Spinning World: Stop!
As I walk through the memorable Harvard Yard these days, I am over-whelmed by a necessity to reflect. Soon it will be all over. I am a senior with limited days remaining. And although much of me can say that I am ready to move on to the next life, I cannot forget the haunting part of me that is afraid, that is somehow attached to this place which I have called home for more than three years. There are certainly close to six months left to this whole Harvard experience, but as the time ticks away, the reality of the inevitable is beginning to set in: What in the world am I going to do next year?
I have tried the Office of Career Services path, but it has not helped. And as more and more people ask me the question that all seniors hate to hear ("What are you doing next year?"), I don't know if the answer lies in the messy and unorganized binders of OCS. Where does a senior go when he or she doesn't know what the future will hold for him or her? Has it been a problem all along that Harvard has been unable to help myself? I am sure that I am not alone in this struggle to really find out what is inside it all.
And maybe, as the recruiting process dominates the campus, I see that this may not be the path for me and for some reason (actually, I think I know why) I seem to think that there is no other path but that one. I tried to give OCS the chance to show me that there are other respectable paths to follow after June 1997, but I don't think it has done a good job of convincing me that there are.
To be honest, I would love to go into public service for the rest of my life. Having focused much of my attention on that kind of work in my undergraduate years, I feel that community service is where my strengths lie; however, the same cannot be said about money. It is not all about money (or so they say) but when you have $20,000 in loans to pay off after you leave, money all of a sudden takes on an importance that you hoped it never would.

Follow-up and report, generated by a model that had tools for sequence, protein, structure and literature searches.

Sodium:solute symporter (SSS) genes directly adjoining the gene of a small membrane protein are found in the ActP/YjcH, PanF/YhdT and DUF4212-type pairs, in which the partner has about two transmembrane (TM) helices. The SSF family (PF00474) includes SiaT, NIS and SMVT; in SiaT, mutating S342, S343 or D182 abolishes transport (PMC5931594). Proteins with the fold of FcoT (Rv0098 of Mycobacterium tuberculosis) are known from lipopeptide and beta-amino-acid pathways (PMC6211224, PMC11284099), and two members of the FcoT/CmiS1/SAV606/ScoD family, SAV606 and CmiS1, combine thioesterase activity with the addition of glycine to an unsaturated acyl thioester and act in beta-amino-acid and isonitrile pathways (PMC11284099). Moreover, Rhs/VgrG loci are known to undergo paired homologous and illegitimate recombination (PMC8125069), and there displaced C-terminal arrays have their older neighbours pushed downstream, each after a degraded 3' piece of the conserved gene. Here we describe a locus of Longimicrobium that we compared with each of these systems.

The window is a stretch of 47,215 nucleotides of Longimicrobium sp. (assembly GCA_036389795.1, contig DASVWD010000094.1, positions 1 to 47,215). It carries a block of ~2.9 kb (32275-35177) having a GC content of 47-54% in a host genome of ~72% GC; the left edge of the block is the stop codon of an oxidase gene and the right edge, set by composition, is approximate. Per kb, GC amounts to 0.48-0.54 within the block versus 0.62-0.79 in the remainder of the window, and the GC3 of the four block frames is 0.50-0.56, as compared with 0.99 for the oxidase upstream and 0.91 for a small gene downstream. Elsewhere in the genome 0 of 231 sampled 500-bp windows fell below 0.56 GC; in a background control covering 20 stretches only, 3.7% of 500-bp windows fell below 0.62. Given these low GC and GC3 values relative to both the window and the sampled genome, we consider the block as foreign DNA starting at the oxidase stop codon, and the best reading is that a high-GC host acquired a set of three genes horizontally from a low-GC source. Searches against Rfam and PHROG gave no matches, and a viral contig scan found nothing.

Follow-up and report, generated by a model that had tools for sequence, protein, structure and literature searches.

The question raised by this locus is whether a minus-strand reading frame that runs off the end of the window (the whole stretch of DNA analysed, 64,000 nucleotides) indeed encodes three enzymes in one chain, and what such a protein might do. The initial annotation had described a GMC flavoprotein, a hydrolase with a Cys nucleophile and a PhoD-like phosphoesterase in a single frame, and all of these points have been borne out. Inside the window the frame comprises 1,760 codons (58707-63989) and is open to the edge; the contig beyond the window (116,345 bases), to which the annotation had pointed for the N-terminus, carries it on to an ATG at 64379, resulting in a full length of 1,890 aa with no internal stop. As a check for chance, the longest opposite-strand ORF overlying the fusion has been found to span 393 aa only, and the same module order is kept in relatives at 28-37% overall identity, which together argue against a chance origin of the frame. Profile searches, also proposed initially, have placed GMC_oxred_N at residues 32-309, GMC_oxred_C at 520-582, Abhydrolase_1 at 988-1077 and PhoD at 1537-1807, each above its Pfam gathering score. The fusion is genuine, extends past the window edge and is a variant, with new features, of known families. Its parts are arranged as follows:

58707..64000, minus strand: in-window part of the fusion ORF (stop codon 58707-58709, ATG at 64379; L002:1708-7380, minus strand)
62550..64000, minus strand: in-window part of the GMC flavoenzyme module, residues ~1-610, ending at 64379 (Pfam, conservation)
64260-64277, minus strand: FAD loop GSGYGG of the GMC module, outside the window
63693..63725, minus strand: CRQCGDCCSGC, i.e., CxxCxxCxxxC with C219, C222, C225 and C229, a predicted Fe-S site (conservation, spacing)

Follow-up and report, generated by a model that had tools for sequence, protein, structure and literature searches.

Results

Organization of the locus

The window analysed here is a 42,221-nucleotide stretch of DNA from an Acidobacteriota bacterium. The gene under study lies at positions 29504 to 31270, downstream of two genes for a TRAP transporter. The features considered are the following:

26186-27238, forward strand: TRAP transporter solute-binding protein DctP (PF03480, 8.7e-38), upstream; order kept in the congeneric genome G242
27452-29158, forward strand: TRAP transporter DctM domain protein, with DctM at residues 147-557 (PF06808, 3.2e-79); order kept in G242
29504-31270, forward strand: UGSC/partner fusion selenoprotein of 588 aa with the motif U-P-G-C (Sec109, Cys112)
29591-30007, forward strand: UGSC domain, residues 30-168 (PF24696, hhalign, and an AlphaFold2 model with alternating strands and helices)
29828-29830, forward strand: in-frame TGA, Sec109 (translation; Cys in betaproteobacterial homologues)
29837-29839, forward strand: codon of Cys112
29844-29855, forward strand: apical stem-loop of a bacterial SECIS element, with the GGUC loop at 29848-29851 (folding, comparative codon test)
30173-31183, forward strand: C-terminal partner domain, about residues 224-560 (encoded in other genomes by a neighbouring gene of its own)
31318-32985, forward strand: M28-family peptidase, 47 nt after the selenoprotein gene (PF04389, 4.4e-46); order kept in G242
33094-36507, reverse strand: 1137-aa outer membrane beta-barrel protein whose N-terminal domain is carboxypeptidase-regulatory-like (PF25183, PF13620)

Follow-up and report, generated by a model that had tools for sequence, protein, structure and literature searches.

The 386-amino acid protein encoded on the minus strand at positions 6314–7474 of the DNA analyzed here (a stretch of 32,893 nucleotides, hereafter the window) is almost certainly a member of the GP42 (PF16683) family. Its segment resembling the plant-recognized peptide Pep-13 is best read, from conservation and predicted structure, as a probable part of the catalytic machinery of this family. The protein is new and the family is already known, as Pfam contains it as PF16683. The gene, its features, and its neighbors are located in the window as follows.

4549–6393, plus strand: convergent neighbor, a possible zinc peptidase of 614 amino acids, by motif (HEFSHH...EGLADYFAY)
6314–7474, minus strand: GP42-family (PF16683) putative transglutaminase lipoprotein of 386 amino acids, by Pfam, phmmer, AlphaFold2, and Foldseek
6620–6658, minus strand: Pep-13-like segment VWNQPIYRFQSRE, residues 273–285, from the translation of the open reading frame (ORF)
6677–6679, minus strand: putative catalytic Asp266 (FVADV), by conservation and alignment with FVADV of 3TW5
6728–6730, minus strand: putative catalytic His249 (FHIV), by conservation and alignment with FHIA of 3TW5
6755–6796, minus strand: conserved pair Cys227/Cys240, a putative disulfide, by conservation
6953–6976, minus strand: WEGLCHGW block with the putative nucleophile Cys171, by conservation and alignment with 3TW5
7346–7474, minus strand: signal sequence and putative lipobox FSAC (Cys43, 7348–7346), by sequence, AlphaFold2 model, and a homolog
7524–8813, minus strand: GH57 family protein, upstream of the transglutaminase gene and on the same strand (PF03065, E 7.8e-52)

Is it the advising system at Harvard that has seemingly allowed so many students to fall through the cracks of career hunting only to feel alone and incompetent? Well, what can this system really do? Having pretty much failed at helping students all throughout their undergraduate years, it is almost too late for the senior tutor or house advisers to provide some kind of desperate assistance and show you the light. I'm not sure they see their own lights.
Is it a personal defect that I do not know what to do with myself and where I am going? Obviously, I would rather not think that there is something seriously wrong with me. But in some sense, I must lack the ability to make decisions and I must lack some kind of direction in my life. I feel I make decisions too late or at least later than everyone else, and somehow I am punished for it each time.
I have thought about teaching. I have thought about journalism. I have thought about journalism. I have thought about graduate school in anything from English to Slavic studies. But I haven't made any decisions; it's only December and I feel as if I am behind the game completely. Where did all the time go? Why didn't everything happen as I pictured it when I came here? Am I the only one who naïvely believed that I would find my husband, my passion, my career, my strengths, my weaknesses, my everything in college? Oh, maybe it's because this is Harvard, a place seemingly possessing everything, but really providing nothing, no answers, no passions, no real sense of life.
The world needs to slow down. I am not sure that I can catch up with how quickly the tables turn and follow how the ball bounces. As a senior, I am expressing views, fears and beliefs shared by a class, full of some students who don't know what to do and can't imagine what their future holds because they don't know what they want. But the question is really: Whose problem is this and when and how is it going to be fixed?
Nancy Raine Reyes' column appears on alternate Saturdays.